When a female transmits a single defective gene from one of her two X chromosomes, an X-linked disease may occur. The disease will affect half of her sons, and half her daughters will be carriers. Well-known examples include Duchenne Muscular Dystrophy and the bleeding disorder, Hemophilia A. Typical characteristics of an X-linked type disorder include:
- The disorder is never transmitted from father to son
- But the gene is passed from an affected man to all his daughters and then through them to, on average, half his grandsons.
Disorders of the Mitochondria
Floating in the fluid that surrounds the nucleus of each cell are several hundred small circular bits of DNA called mitochondria. A defective gene in these mitochondria can be passed from a mother to all of her children of both sexes. However, not all offspring will show signs of the disorder. And, affected and carrier males will not transmit the mutation to any of their children!
One example of maternal mitochondrial inheritance is one form of deafness. In this case, a specific mitochondrial gene mutation predisposes a person to develop deafness after taking an antibiotic such as Gentamycin. This antibiotic is commonly used in tiny, premature infants and could cause deafness in genetically susceptible infants.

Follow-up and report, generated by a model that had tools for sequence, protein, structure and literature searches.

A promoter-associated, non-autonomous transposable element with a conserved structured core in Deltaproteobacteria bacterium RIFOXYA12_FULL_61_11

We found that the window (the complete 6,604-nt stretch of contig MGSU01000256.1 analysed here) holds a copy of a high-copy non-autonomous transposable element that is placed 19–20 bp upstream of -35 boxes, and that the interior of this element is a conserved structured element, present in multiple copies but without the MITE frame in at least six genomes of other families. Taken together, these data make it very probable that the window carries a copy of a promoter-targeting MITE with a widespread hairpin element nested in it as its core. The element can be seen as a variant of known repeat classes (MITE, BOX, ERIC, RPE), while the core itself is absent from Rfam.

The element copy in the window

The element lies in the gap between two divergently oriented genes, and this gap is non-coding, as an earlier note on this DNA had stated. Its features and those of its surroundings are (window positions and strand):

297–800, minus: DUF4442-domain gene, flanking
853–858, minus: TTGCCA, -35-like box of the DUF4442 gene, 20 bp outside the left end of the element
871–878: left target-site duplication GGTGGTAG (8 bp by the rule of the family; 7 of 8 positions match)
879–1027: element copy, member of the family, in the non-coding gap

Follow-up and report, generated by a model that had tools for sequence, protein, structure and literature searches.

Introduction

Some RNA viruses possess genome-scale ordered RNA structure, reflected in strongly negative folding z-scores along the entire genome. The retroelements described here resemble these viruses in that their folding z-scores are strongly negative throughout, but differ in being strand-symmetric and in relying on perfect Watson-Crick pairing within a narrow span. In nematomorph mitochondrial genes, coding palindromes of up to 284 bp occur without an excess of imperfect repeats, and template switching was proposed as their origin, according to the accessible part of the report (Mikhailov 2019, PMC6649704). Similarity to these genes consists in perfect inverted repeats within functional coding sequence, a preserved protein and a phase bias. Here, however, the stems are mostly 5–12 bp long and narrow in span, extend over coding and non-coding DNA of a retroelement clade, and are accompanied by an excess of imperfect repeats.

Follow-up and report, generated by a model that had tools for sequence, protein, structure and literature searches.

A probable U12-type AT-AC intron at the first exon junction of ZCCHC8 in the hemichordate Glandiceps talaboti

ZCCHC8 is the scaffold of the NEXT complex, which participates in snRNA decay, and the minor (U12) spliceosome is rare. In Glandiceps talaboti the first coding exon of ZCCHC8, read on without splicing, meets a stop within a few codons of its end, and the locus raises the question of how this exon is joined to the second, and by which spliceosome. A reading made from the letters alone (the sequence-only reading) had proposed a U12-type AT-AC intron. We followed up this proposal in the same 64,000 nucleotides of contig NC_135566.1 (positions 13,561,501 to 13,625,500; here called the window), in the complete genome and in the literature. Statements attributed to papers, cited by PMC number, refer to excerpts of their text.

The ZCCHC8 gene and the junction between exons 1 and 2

Y Chromosome Disorders
Genes that pass from father to son do so on the male (Y) chromosome. Mutations or missing genes on the Y chromosome may lead to infertility due to absent sperm or a low sperm count. These disorders will be passed (if a father is able to sire children) to all his sons, but to none of his daughters.
Over 8,500 genetic disorders and traits are transmitted through single genes. As emphasized in my column on the Family Tree, knowledge of the family history is critical in recognizing a pattern of gene transmission through the family. And once you know, you can deal with the condition accordingly with the help of a doctor.